The Spanish, plunderers of all Incan riches, discovered in maca a worthy aphrodisiac. During the height of the Incan empire, legend has it that Incan warriors would consume maca before entering into battle. This would make them fiercely strong. But after conquering a city, the Incan soldiers were prohibited from using maca in order to protect the conquered women from their powerful sexual impulses. Thus from as far back as five hundred years ago, maca’s reputation for enhancing strength, libido and fertility was already well established in Peru. (Hermann, NRC, Johns, Leon)
Maca’s Expansion Beyond Peru
Today, maca is popular in Peru among both native and non-native people, and the effects of maca are creating market demand in Japan, Europe and the United States. Maca cultivation is on the increase, a number of government experts and agencies are actively promoting maca agriculture and development, and maca is poised to be a major botanical product on the international herbal scene. Maca grows in hostile conditions in a limited geographic area at elevations between 10,000 and 15,000 feet. The primary area of maca cultivation is the Junin plateau, where approximately one thousand acres of maca are grown annually, mostly in small family plots. Agricultural experts predict that the acreage dedicated to maca cultivation will steadily increase to meet vigorous market demand. Former Agriculture Minister Rodolfo Munante says about maca, “This is the perfect crop, because we don’t even have to promote it. Private industry has moved right in and is doing the job for us.” Another former Minister of Agriculture, Belisario de las Casas, is also a maca supporter and user. “I take maca and can attest to its invigorating powers,” he said.
So, which nutrients in maca promote its reputed sex-enhancing effects? Plant sterols may possibly be partly responsible, as well as compounds called isothiocyanates in the root. These also help the body fight cancer by signaling processes that detoxify carcinogens and eliminate them from the body. Maca also contains small amounts of benzyl thiocyanate and p-methoxybenzyl isothiocyanate, which may enhance fertility. In any case, according to folklore, maca is just about a panacea.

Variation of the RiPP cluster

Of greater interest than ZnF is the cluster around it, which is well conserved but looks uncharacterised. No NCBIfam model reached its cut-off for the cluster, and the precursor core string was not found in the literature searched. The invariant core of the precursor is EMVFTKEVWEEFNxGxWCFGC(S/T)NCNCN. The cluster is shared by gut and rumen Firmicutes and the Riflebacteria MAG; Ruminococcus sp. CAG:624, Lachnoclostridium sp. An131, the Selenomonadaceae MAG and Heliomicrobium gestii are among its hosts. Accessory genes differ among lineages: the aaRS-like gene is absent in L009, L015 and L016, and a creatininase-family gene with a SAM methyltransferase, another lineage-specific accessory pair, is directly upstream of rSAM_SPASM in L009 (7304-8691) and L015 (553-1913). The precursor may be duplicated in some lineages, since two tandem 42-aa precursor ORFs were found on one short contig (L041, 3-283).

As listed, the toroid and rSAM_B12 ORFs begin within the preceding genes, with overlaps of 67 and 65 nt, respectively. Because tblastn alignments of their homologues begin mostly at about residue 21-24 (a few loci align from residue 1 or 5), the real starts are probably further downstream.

Maca and Sexual Function
Of the numerous claims made for maca, those which have been corroborated in the lab concern energy, stamina, libido and sexual function. In experiments conducted with rodents, animals fed maca demonstrated increased energy and stamina, and exhibited an exponential increase in sexual activity as compared with non maca-fed animals.
Though no formal studies have been conducted on maca’s use for hormonal enhancement, some physicians claim success with maca for exactly this purpose. (Zheng et al) One double-blind, clinical trial of 50 Caucasian men affected by mild erectile dysfunction showed that daily intake of maca improved overall sexual satisfaction, enhanced erectile function and improved overall psychological well-being. (Zenico et al) A study investigating the effect of 14 days of maca supplementation on endurance performance and sexual desire in trained male cyclists resulted in significantly improved cycling time performance, and improved self-rated sexual desire score compared to the baseline test. (Stone et al) Yet another maca sex study involved victims of SSRI antidepressants who had experienced a decrease in sex drive related to use of those medications. Daily intake of three grams of maca resulted in improved sex drive, and improved overall sexual satisfaction. (Dording et al) And lest you think maca is only for men, over 75% of the people in this study were women.
Studies clearly show that maca lives up to its long reputation earned during years of traditional use. Maca has never demonstrated any toxicity of any kind, and is safe for everyone. In short, I think maca is great. Consumed daily, maca can make a dynamic contribution to health, and can significantly boost overall vitality and well-being in many ways.